Children, adolescents and adults are all screened for HIV infection in the same way: using a test called ELISA that allows the presence of the HIV antibody in the blood to be detected. Antibodies are the specific proteins that the body produces in order to fight infections; the antibodies specific to HIV are produced in response to infection with this virus. People who have antibodies to HIV in their blood are HIV-positive (or seropositive). If the ELISA test is positive, the patient’s HIV-positive status will be confirmed by another test, called Western Blot, in order to determine whether HIV is actually present. If this test also comes back positive, the patient is definitely infected with HIV.
AIDS is considered to be a sexually transmitted disease (STD), because sex is the most common method of contamination.
This is why the most important method of preventing AIDS lies in sex education: in fact, talking about HIV also means talking about sex, and it is not always easy for parents to broach this subject with their children.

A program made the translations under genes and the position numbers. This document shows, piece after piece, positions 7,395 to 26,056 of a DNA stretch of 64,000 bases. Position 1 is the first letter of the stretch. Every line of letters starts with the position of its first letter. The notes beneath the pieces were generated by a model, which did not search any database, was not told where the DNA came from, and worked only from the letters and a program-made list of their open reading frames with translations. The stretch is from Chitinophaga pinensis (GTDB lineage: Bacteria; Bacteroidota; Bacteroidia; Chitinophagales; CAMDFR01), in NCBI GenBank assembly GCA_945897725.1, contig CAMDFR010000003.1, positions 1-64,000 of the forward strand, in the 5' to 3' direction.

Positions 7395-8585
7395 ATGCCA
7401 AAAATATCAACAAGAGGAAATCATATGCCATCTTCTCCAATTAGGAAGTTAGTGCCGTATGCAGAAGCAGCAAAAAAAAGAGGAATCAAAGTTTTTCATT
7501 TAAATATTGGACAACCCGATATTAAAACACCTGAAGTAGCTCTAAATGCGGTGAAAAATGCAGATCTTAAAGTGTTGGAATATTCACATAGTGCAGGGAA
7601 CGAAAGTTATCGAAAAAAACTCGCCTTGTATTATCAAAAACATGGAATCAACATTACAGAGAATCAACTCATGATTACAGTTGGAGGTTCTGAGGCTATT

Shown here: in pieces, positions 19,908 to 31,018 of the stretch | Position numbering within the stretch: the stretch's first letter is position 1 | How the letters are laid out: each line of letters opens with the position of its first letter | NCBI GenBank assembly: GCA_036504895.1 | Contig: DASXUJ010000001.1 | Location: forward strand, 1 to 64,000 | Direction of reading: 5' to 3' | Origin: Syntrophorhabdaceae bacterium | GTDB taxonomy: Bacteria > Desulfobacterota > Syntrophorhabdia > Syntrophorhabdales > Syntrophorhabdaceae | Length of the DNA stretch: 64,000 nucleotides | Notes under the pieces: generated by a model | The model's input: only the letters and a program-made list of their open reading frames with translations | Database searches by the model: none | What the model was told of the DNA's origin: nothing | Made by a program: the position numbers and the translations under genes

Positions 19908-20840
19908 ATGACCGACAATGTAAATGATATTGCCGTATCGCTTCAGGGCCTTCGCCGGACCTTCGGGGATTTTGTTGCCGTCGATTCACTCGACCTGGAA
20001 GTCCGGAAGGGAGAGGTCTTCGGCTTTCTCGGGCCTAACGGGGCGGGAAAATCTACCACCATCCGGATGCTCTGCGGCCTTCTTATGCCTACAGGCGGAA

Doctors advise that sex and other difficult topics be raised as early as possible, even before children reach adolescence. Children who are informed as early as possible about the risk factors of HIV are less likely to subsequently engage in risky behaviour.
The use of condoms is important in the prevention of AIDS, and communication with young people, especially in schools, is of paramount importance in preventing risky behaviour.
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